COOK COUNTY CRIMINAL COURTHOUSE — A Wisconsin man who told police he brought an AK-47 assault rifle, a shotgun and a handgun to Chicago for protection while he and his friends celebrated the New Year was ordered held on $150,000 bond Friday.
Troy Waite, 25, is facing gun and drug charges after his Wednesday afternoon arrest at Will's Northwoods Inn, 3030 N. Racine Ave.
He caught the attention of workers at the Lakeview bar when he tried to use a counterfeit $20 bill, police said.
When police arrived to investigate, Waite told immediately told officers "I have weed on me" and directed them to his front pants pockets, according to court records.
Officers found about 15 grams of pot in Waite's pocket. They also found a loaded semi-automatic Rueger handgun with a defaced serial number and six tinfoil packets of cocaine, according to court documents.
The Secret Service was called to investigate the false currency.
When agents searched Waite's 2012 Mazda sports car, they found two more guns inside: a fully-loaded AK-47 assault rifle and a 12-gauge shotgun.
Police also found a blue water bottle with a Colorado flag on it with 43 more grams of marijuana inside, according to police reports. The marijuana and cocaine had an approximate street value of $930, according to court documents.
Waite later told police the guns were for protection and said he and his friends were in town for the holidays. "We came down here to party for New Year's," Waite told police, according to prosecutors.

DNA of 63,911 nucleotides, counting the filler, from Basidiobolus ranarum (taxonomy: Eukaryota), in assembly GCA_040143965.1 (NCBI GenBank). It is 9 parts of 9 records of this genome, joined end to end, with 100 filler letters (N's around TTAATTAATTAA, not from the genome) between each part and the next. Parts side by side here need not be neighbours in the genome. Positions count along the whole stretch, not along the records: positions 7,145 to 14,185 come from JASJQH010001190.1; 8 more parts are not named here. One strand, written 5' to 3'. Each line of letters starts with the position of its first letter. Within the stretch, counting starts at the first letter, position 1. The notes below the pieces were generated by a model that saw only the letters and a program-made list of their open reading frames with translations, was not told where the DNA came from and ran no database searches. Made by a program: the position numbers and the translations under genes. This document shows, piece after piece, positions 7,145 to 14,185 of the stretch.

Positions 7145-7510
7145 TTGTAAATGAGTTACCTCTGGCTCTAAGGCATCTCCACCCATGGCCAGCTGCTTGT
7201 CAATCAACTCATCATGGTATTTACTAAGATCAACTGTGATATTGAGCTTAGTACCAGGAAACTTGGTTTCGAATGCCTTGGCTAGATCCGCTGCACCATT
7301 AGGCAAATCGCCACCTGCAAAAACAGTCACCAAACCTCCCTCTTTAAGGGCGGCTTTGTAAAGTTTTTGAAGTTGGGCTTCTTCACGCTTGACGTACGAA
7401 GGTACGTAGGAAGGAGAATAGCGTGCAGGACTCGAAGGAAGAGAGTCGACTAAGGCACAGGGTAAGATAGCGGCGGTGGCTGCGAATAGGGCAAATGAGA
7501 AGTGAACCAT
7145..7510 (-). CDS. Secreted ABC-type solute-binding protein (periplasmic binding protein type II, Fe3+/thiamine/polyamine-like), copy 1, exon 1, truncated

Prosecutors charged Waite with seven felonies, including unlawful use of a weapon by a felon, and one misdemeanor.
In bond court Friday, Waite stood in front of Cook County Judge Laura Sullivan dressed in a button-down shirt, slacks and a peacoat.
Sullivan ordered Waite, who is originally from Jamaica and now lives in Sun Prairie, Wisc., held on $150,000 bond.
Bar staff at Will's Northwoods Inn told DNAinfo Chicago that Waite did not cause any problems in the bar before trying to use the counterfeit bill to pay for drinks. Waite and three friends came to the bar about 1 p.m. Wednesday to watch football with other Wisconsin fans.
"They were extremely calm," said bar manager Kevin Kruse. "Nice disposition; very nice people. They were very quiet. Even when the police arrived, they admitted what they had, turned around and put their hands on their backs.
"It goes to show, you never know about people."
Contributing: Serena Dai